Everglades Headwaters National Wildlife Refuge Planned

FORT LAUDERDALE, Florida, January 7, 2011 (ENS) – The federal government is looking for landowners in the Everglades headwaters area willing to sell land to the federal government for conservation easements that will protect an area of streams, lakes, wilderness and ranch lands north of Lake Okeechobee.

Secretary of the Interior Ken Salazar today announced that the U.S. Fish and Wildlife Service is working with private landowners, conservation groups and federal, tribal, state and local agencies to create a new national wildlife refuge and conservation area that will “preserve the community’s ranching heritage and conserve the headwaters and fish and wildlife of the Everglades.”

Under the $700 million proposal, the government would purchase about 50,000 acres for a new national wildlife refuge and protect another 100,000 acres through agreements with landowners.

Wet prairie in the Kissimmee River Valley (Photo by Trish Hartmann)

“The partnerships being formed would protect and improve water quality north of Lake Okeechobee, restore wetlands, and connect existing conservation lands and important wildlife corridors to support the greater Everglades restoration effort,” Salazar said.

The Service, along with its partners, is conducting a preliminary study to establish a new National Wildlife Refuge and Conservation Area of 150,000 acres of important environmental and cultural landscapes in the Kissimmee River Valley south of Orlando in central Florida.

The proposed area includes 50,000 acres for potential purchase, and an additional 100,000 acres that could be protected through conservation easements and cooperative agreements, keeping the land in private ownership. The Service will only work with willing sellers to purchase land rights.

“This is an important first step aimed at preserving and protecting thousands of acres vital to the Everglades,” said U.S. Senator Bill Nelson, a Florida Democrat who joined Secretary Salazar in today’s announcement. “Projects like this will ensure future generations will be able to benefit from and enjoy the River of Grass.”

“We have been working with various easement programs since 1990,” said Cary Lightsey of the Lightsey Cattle Company, a cooperating rancher. “They all have been win-win situations and we have never looked back.”

A swan flies over the Everglades headwaters. (Photo by Don Stonehouse)

“It makes us feel good that we are providing green space and wildlife habitat for future generations,” Lightsey said. “I appreciate this proposal. I don’t see my grandchildren coming back and questioning why we preserved the landscape.”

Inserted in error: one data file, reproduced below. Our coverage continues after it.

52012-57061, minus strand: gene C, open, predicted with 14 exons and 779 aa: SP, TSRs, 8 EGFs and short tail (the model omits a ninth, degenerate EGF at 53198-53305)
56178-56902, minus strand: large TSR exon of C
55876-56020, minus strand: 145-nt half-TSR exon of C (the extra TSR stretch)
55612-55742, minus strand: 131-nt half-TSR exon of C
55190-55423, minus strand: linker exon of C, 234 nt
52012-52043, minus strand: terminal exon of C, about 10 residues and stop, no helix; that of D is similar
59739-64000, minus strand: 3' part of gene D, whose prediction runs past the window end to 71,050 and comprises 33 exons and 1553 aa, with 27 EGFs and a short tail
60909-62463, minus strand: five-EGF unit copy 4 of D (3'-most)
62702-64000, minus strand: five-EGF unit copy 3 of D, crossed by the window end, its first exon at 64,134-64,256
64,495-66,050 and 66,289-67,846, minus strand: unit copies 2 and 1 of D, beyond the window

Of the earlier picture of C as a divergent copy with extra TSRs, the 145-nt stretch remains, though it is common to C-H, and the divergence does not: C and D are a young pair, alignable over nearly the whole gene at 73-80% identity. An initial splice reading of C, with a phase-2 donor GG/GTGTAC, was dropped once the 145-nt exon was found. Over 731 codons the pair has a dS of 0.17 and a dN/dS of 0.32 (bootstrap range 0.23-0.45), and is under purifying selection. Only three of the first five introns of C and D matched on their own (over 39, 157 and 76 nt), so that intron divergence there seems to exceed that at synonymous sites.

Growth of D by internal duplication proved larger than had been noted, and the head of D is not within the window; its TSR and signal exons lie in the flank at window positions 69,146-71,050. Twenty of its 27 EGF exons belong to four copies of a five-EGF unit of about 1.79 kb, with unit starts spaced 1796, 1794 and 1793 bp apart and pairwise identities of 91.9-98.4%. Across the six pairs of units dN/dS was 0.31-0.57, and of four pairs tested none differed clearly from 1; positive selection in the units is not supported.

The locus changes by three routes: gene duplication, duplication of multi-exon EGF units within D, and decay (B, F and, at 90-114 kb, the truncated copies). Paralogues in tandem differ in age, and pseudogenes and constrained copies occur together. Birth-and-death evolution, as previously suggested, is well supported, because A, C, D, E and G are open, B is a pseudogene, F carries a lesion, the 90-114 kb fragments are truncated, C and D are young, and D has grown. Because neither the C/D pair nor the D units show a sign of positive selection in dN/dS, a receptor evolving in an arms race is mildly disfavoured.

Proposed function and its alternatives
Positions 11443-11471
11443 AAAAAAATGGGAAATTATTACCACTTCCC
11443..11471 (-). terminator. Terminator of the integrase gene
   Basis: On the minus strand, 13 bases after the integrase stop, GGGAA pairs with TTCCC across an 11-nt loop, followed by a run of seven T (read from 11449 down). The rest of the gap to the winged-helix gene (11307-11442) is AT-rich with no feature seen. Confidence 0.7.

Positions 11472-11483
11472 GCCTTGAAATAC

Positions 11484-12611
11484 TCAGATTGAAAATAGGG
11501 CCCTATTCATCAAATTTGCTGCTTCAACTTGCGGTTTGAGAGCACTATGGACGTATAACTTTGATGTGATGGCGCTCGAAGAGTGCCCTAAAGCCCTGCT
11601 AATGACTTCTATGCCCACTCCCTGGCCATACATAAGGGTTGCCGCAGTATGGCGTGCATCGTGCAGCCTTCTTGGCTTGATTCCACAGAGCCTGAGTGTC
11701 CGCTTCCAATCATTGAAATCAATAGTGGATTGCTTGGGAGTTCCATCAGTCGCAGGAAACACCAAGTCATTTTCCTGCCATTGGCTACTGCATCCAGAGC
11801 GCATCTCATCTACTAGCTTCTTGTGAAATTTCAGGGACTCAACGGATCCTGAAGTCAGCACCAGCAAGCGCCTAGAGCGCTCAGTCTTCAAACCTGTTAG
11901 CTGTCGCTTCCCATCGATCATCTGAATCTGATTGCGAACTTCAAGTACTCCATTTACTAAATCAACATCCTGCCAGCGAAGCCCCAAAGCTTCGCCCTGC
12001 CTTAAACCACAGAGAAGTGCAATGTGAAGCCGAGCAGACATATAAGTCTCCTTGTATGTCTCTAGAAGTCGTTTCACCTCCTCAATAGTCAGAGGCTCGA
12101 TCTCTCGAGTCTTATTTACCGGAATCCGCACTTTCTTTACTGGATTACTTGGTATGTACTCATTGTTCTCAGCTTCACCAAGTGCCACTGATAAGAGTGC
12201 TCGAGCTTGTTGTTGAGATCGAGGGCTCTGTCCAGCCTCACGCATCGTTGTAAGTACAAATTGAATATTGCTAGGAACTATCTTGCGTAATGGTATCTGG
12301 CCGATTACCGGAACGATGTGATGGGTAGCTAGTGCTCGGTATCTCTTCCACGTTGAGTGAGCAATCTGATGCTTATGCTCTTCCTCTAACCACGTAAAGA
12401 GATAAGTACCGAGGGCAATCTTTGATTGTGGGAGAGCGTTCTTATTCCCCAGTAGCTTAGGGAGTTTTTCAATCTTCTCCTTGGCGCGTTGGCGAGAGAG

In addition to improving water quality, the proposed conservation area and refuge would protect habitat for 88 federal and state species listed as threatened or endangered, including the Florida panther, Florida black bear, whooping crane, Everglade snail kite and the Eastern indigo snake.

It will also link to about 690,000 acres of partner-conserved lands.

The proposal will be front and center this weekend at the annual Everglades Coalition conference in Weston, where environmentalists and elected officials will discuss progress on Everglades restoration. Secretary Salazar, Senator Nelson and former Governor Bob Graham will be in attendance.

The South Florida Water Management District is one of more than a dozen partners working on the proposed refuge and conservation area. SFWMD Governing Board Vice Chairman Jerry Montgomery today applauded the “bold” proposal.

Combined with last year’s federal investment to conserve 26,000 acres in the Northern Everglades, this effort builds on the momentum to deliver water quality improvements, water storage and environmental restoration benefiting all Floridians,” said Montgomery.

Other partners working together through the Greater Everglades Partnership Initiative include, the Florida Department of Agricultural and Consumer Services; Florida Department of Environmental Protection; Florida Division of State Lands; Florida Fish and Wildlife Conservation Commission; Osceola County Parks Division; the National Wildlife Refuge Association; The Nature Conservancy; U.S. Air Force – Avon Park Air Force Range; and the U.S. Department of Agriculture’s Natural Resource Conservation Service.

Their efforts are part of a larger conservation effort across south-central Florida. A final plan for the Everglades Headwaters proposal is expected by the end of this year.

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